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Reading whatever text you have in front of you requires putting the senses of your sight and your hearing.
We see written words because the letters come to us through our eyes, and then we hear the words because we are able to imagine how it sounds the set of letters we just saw.
We tell you why listening to what we read improves children's reading.
This ability to imagine how written words sound is a complex process and brain maturation is needed to make this relationship between sight and hearing.
We can say that reading implies telling ourselves a story explained by another person, for that reason and although it may not seem like it, the Listening ability is directly related to reading.
To learn to read, it is not valid for the child to listen to and listen to any voice, but it must be his, who will be in charge of telling the stories that are explained in the texts he ends up reading.
Train the ability to listen to oneself is essential when helping our children learn to read, since thanks to this the child can understand what they have read. Otherwise, it is likely that, when faced with any phrase or text, the child knows how to say word for word what the writing tells, but later he will not be able to understand what he has read.
So when a child gets written words to be heard inside, they will have read.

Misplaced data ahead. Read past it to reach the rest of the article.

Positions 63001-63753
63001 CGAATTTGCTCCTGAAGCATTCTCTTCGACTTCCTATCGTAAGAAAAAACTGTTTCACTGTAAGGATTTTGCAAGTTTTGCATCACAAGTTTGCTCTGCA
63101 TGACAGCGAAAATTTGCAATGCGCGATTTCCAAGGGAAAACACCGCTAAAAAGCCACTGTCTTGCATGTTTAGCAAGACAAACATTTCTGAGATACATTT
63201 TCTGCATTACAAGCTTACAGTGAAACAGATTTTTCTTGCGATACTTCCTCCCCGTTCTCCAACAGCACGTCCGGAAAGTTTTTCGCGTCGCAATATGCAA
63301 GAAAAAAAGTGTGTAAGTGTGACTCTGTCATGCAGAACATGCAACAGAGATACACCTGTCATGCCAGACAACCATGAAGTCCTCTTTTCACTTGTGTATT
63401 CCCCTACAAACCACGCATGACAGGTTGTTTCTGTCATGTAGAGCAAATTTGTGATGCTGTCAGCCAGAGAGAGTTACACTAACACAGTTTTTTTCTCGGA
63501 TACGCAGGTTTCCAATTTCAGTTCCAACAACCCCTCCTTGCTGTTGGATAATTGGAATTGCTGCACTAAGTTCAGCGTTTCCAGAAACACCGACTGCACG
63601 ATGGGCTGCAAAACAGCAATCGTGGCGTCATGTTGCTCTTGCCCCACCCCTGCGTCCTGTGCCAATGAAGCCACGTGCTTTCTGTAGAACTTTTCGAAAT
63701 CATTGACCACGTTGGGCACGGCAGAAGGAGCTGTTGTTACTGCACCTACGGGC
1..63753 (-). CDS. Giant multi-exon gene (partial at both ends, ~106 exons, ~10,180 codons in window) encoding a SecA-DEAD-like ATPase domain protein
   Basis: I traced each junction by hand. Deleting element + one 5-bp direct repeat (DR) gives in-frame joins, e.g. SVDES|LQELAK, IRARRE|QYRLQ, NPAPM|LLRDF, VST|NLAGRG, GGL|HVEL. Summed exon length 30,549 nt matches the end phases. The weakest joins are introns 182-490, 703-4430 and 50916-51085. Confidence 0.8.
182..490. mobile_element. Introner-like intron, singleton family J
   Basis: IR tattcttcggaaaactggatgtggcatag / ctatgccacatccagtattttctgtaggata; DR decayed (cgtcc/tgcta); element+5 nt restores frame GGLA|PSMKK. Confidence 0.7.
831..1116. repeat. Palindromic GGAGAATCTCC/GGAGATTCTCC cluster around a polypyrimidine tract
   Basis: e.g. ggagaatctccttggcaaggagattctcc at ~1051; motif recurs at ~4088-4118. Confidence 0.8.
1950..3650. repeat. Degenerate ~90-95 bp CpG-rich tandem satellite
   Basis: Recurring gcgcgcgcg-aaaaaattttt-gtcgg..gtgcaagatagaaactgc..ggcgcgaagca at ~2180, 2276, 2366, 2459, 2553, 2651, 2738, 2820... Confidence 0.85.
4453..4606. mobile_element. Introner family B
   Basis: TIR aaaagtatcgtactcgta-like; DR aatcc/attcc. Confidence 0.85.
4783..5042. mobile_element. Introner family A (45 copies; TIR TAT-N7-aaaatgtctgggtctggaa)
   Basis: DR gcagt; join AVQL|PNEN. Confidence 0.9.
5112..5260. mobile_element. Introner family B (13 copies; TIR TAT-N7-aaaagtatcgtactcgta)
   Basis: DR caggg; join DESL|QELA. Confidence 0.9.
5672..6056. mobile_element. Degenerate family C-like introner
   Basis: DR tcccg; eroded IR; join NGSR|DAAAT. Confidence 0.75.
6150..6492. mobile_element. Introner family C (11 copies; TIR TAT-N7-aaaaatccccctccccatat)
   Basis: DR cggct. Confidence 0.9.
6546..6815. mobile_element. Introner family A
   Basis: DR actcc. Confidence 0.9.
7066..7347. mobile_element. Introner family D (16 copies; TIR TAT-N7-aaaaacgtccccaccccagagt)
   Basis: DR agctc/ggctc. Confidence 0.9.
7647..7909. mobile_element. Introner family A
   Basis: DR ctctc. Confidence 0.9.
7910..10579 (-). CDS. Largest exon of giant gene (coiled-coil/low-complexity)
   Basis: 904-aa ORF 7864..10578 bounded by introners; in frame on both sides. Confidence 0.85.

Hear what we are saying It is also something that is trained, and it is especially interesting to practice this with children, especially with children who do not know how to repeat what they just explained just a few minutes or even seconds ago.
Sometimes it can even happen that, when speaking, the child changes one word for another without realizing it and continues speaking without correcting the wrong word, even becoming absurd what he has said.
If this is the case with your child, I encourage you to train this ability to listen to yourself.
As you can see, to get a good reading we need a long time of learning and training in which it will not be enough to learn to join the letters of the alphabet, but other requirements related to the alphabet are needed. attention and concentration of the child.
You can read more articles similar to Listening to what we read improves children's reading, in the Reading on site category.